Bern’s decision on 26 May 2021 to abort seven years of talks with Brussels on a new framework agreement covering relations with the European Union came as a single hammer blow. But the splinters will only gradually be revealed.
The rupture meant the intricate web of agreements between the two sides were frozen. No longer will the 120 odd bilateral deals that give Switzerland virtually all the advantages of full EU Single Market membership be updated, meaning the benefit to Swiss exporters will gradually decline. Likewise, Switzerland will no longer be included automatically in the EU’s assorted new projects, having already been excluded from some already in force.
To track this gradual divorce, Avenir Suisse has launched an ‘Erosion Monitor’. Published three times a year, the guide will keep detailed track of how Switzerland will be hurt by the impasse, in areas from the minutiae of technical trade arrangements to participation in major international schemes such as the EU’s Horizon scientific research programme.
Regular monitoring makes sense. Only by keeping tabs on the erosion of Switzerland’s advantageous relationship with the EU will it be possible to remind people about the short-sightedness of opposition to the framework agreement. While hostility spanned everything from the alleged losses of sovereignty to claims an automatic updating mechanism was unnecessary, Switzerland’s fundamental dependence on the EU was often overlooked.
The first Monitor illustrates the damage already done. Exclusion from Horizon means renowned Swiss research bodies, such as the two federal institutes of technology, will face major restrictions in their eligibility for EU grants. Over time, that could prompt a decline in quality and prove a disincentive for top scientists to be based in Zurich or Lausanne. Reports already suggest some top scientists are being tempted away.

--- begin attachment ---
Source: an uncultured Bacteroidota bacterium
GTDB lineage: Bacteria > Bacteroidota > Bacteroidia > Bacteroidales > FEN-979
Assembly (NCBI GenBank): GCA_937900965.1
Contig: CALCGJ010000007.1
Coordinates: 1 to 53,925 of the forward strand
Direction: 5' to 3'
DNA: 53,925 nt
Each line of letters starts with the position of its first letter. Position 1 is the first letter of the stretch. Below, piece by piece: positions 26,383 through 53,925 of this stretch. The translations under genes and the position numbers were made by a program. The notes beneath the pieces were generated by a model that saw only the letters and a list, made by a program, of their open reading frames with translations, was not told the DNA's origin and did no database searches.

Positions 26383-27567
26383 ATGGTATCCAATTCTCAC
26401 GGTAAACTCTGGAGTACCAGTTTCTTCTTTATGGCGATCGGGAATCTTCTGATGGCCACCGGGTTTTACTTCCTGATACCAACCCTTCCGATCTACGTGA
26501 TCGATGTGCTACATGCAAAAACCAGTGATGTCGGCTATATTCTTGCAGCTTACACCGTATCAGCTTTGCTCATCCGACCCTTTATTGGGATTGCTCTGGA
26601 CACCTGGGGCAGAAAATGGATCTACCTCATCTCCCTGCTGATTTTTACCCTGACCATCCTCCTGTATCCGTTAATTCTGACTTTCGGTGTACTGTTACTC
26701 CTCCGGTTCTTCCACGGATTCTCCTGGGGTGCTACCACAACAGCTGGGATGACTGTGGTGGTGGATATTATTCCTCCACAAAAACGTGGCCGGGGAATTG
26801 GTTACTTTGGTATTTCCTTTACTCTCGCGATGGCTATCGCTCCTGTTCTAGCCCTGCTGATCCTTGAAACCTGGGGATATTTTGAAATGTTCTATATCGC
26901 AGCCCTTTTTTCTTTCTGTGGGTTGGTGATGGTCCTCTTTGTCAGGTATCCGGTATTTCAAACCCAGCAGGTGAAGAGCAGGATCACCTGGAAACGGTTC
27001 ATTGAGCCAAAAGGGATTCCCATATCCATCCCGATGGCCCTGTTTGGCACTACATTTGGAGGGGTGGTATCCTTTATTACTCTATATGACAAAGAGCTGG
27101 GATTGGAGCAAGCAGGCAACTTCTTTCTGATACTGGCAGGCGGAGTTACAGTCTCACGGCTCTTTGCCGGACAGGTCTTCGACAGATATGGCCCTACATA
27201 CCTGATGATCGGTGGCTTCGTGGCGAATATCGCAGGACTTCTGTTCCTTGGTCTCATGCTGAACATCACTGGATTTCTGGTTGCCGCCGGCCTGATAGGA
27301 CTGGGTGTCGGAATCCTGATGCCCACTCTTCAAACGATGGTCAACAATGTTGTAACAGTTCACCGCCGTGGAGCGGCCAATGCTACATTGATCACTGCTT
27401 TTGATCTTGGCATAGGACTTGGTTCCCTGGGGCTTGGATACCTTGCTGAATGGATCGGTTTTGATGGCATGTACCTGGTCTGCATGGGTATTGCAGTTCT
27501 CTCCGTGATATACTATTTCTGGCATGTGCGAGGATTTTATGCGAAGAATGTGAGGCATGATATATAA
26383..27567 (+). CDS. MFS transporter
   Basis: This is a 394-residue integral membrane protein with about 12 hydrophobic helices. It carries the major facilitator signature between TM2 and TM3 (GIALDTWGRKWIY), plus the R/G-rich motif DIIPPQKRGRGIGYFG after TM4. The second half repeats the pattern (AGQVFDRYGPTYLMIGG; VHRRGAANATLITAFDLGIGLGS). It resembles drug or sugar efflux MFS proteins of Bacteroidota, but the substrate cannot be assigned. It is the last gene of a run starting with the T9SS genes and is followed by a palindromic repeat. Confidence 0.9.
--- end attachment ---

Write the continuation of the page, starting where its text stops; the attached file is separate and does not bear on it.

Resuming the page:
More technically, the failure to keep updating trade rules for specific products to meet the latest EU requirements will present a growing barrier to Swiss exporters. The biggest initial impact has been seen in medical instruments and technology, with the EU no longer recognizing Swiss certification standards for new products. While that is far from an overall export ban, it means Swiss manufacturers selling into the EU will have to re-register and re-certify future goods for sale in EU markets, adding costs and complexity and potentially eroding competitiveness. In 2020, almost half Swiss exports of such medtech products went to the EU, illustrating the scale of the problem.
Much more at stake
Agriculture is another bugbear. Regular alterations to EU rules, for example on animal care and protection, will leave Switzerland increasingly isolated. Tests formerly conducted by EU authorities on products destined for Switzerland will now have to be done domestically.
Education is another area set to suffer. Switzerland has traditionally conducted thousands of school and student exchanges with its neighbours – notably those countries with which the confederation has a common language. Over decades, the EU’s established Erasmus scheme has deepened understanding between participants. Switzerland, which had never participated fully in the scheme, will now be treated as another ‘third country.’
Media and culture have also taken a knock. Switzerland’s participation in the EU’s ‘Creative Europe’ programme was blocked soon after talks to join started in 2014 because of the subsequent referendum vote against the free movement of people. Potential EU subsidies had to be replaced by Swiss grants. Although participation talks eventually restarted, progress is now unlikely.
Avenir Suisse’s new publication includes a list of future areas under threat because of Bern’s rejection of the framework deal. In time, those in the ‘future’ category will move into the ‘already eroded’ division as the relationship deteriorates progressively.
How to go forward
What is to be done? The think tank argues a sustainable Swiss European policy should be based on five steps. The essential first is to create greater clarity and popular consensus on Switzerland’s understanding of its own sovereignty: Secondly, the bilateral approach pursued by Bern ever since 1992, when Swiss voters declined participation in the European Economic Area – a sort of halfway house to full EU membership – should be strengthened and energized through a ‘Bilaterals Plus’ package.
Third, Switzerland’s political parties must be focused on the commonalities of European policy. Fourth, the domestic market should be opened further, and remaining customs duties abolished. And finally, Switzerland (rather like Britain after Brexit) needs to develop and expand its foreign trade opportunities beyond the EU single market.